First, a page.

Comparisons between Ja Morant and Derrick Rose have started to heat up as Morant has upped his game this season. It’s easy to see why: Their physical measurements are relatively similar, and their 22-year stints are similar statistically.
Stats via Basketball-Reference as of 01/12/22
That 22-year-old season was the year Rose became the youngest MVP winner in league history. Morant won’t get that level of recognition this year, but he will most likely make his first All-Star game.
So how similar are these players? Paul George compared the experience of defending Morant to playing against a young Rose earlier this season, noting similarities in quickness, ability to change direction and move their bodies in the air.
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Morant also had his opinion on the matter.
“I definitely see the comparisons, but D-Rose is unique and a special player and you can see the similarities, sure, but there can never be another Derrick Rose,” Morant told Yahoo Sports’ Krysten Peek. “I’m just trying to be my own player and do what I do on the court and help my teams win basketball games and keep getting better.”
The similarities in athleticism between Rose and Morant before the injuries are obvious. There aren’t many point guards in the league who are finishing fast break shots with one hand like these two.
Morant used that athleticism to come out with the block of the season against the Lakers in early January. Rose wasn’t too bad at those chase blocks at her peak either.
There are certainly those flashes where both players use their athleticism to do something that takes your breath away. And both have had extremely productive seasons. But upon closer examination, it’s interesting to see that they’ve gotten there in different ways.
Rose’s ground game during his 2010-11 MVP season was a reflection of that era. Most teams played two traditional bigs instead of the one or even zero we see today. The trainers had not yet fully realized the importance of space, and the painting was much more compact. The Bulls’ top seven in minutes that season were Luol Deng, Rose, Joakim Noah, Carlos Boozer, Kurt Thomas, Ronnie Brewer and Taj Gibson. Those six guys around Rose combined for 4.5 3-point attempts per game. Compare that to Morant’s Grizzlies team, whose top seven in minutes provide 24.3 3-point attempts per game around him.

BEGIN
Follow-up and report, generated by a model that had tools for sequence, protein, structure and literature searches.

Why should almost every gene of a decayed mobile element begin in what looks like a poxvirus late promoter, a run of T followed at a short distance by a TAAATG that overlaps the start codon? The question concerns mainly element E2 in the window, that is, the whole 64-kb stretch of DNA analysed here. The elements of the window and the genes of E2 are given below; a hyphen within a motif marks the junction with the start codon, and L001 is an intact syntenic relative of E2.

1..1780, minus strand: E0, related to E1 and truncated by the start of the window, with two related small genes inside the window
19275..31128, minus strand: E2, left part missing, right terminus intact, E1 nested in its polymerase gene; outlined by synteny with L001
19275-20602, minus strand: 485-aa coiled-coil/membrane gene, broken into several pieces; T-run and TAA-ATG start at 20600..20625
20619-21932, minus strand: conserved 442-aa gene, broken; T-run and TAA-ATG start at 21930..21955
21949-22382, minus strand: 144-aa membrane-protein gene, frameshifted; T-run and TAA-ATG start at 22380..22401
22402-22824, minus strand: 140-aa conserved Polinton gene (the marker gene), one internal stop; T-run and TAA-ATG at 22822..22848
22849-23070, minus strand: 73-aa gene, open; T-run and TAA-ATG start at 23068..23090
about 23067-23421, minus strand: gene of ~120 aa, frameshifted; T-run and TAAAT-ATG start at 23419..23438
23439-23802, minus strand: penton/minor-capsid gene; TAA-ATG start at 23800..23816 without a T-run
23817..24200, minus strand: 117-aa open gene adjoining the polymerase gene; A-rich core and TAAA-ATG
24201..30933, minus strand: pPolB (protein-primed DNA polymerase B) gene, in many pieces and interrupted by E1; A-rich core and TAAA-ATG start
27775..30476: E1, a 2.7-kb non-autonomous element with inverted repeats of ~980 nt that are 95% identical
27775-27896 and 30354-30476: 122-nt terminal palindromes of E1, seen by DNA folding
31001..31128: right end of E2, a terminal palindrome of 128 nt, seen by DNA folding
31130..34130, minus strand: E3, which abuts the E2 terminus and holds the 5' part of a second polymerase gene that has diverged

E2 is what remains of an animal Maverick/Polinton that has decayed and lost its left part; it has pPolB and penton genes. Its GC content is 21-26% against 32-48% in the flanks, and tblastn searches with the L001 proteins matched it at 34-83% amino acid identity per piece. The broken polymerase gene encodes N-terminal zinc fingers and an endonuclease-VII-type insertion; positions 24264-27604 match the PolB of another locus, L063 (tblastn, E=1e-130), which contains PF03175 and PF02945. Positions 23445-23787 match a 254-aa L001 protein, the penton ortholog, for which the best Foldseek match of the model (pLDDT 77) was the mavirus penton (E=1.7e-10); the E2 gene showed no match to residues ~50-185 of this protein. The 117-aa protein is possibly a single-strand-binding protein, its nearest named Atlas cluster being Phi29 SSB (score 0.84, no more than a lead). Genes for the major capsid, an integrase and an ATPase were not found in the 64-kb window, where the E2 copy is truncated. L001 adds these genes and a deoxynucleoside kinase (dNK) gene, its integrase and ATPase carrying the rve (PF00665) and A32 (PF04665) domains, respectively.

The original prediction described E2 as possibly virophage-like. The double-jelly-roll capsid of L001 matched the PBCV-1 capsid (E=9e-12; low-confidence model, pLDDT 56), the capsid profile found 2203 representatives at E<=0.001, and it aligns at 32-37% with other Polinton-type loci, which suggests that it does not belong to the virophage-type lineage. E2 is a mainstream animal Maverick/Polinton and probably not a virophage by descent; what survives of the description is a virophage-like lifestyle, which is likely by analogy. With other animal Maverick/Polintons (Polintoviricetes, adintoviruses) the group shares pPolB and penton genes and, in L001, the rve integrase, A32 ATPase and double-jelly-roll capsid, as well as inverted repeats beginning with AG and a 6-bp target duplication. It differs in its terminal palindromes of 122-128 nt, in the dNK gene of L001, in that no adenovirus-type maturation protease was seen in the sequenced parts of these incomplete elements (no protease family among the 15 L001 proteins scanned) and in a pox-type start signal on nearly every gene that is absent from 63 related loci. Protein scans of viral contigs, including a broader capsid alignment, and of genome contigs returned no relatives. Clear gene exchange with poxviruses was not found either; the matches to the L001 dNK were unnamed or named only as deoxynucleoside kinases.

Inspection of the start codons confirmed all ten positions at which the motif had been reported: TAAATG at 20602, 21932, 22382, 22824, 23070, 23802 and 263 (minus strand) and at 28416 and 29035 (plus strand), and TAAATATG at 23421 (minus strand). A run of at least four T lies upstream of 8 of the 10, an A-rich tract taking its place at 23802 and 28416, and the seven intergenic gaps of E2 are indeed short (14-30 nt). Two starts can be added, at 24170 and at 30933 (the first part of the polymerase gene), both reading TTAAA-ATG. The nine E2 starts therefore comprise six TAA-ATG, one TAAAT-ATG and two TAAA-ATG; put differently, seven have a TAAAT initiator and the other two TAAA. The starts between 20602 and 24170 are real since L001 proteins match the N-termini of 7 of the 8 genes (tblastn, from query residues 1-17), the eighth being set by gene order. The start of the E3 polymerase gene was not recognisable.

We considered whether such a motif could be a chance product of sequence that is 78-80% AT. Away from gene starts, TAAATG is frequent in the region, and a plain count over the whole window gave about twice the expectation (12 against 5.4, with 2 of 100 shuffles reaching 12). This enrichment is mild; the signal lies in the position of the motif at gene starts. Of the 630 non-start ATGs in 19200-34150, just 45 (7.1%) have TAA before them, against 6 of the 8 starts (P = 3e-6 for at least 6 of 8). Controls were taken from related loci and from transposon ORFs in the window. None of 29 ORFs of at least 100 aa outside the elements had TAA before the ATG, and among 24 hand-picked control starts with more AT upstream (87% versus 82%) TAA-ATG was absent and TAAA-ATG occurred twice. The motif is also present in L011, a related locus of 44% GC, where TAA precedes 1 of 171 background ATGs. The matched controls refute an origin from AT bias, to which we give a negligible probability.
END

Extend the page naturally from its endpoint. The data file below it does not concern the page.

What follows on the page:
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Rose needed more than one game in between due to the lack of space and the two burly giants most teams had waiting for him under the rim. He also wasn’t as comfortable shooting 3s as Morant. That led him to shoot a lot more mid-range 2 shots.
Only 2 percent of Morant’s shots have come from two lengths this season, while Rose was shooting the ball fairly evenly from full court. Check out the stark differences in your shot charts through Statmuse.
What hasn’t changed since 2011 is that going to the rim is still extremely valuable. Both have used their ridiculous speed and change of direction to get into the lane at will, although it is interesting that, again, they have done so in different ways. Rose preferred to go right that year, while Morant prefers left. Either way, both used their physical gifts to dust off defenders and finish over or through big men trying to block them.
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The other obvious comparison is that both have driven to victory. Rose made a huge leap in that 22-year-old season, increasing the Bulls’ win total from 41 games to a league-best 62. Morant’s Grizzlies team won 38 games in last year’s abbreviated season (translated to 43 in an 82-game regular season), and their record of 29-14 as of Jan. 12 puts them on pace for 55 wins based on shooting percentage. victories.
If you’re going to rank the most athletic point guards of the last 20 years, Morant and Rose, the year of MVP, will be at or near the top of the list. What they both have in common is that they could get to their spots even with full defenses against them. They’re players from different eras, which makes comparing apples to apples a bit more difficult. But either one would dominate in the other’s era. That greatness is the common thread.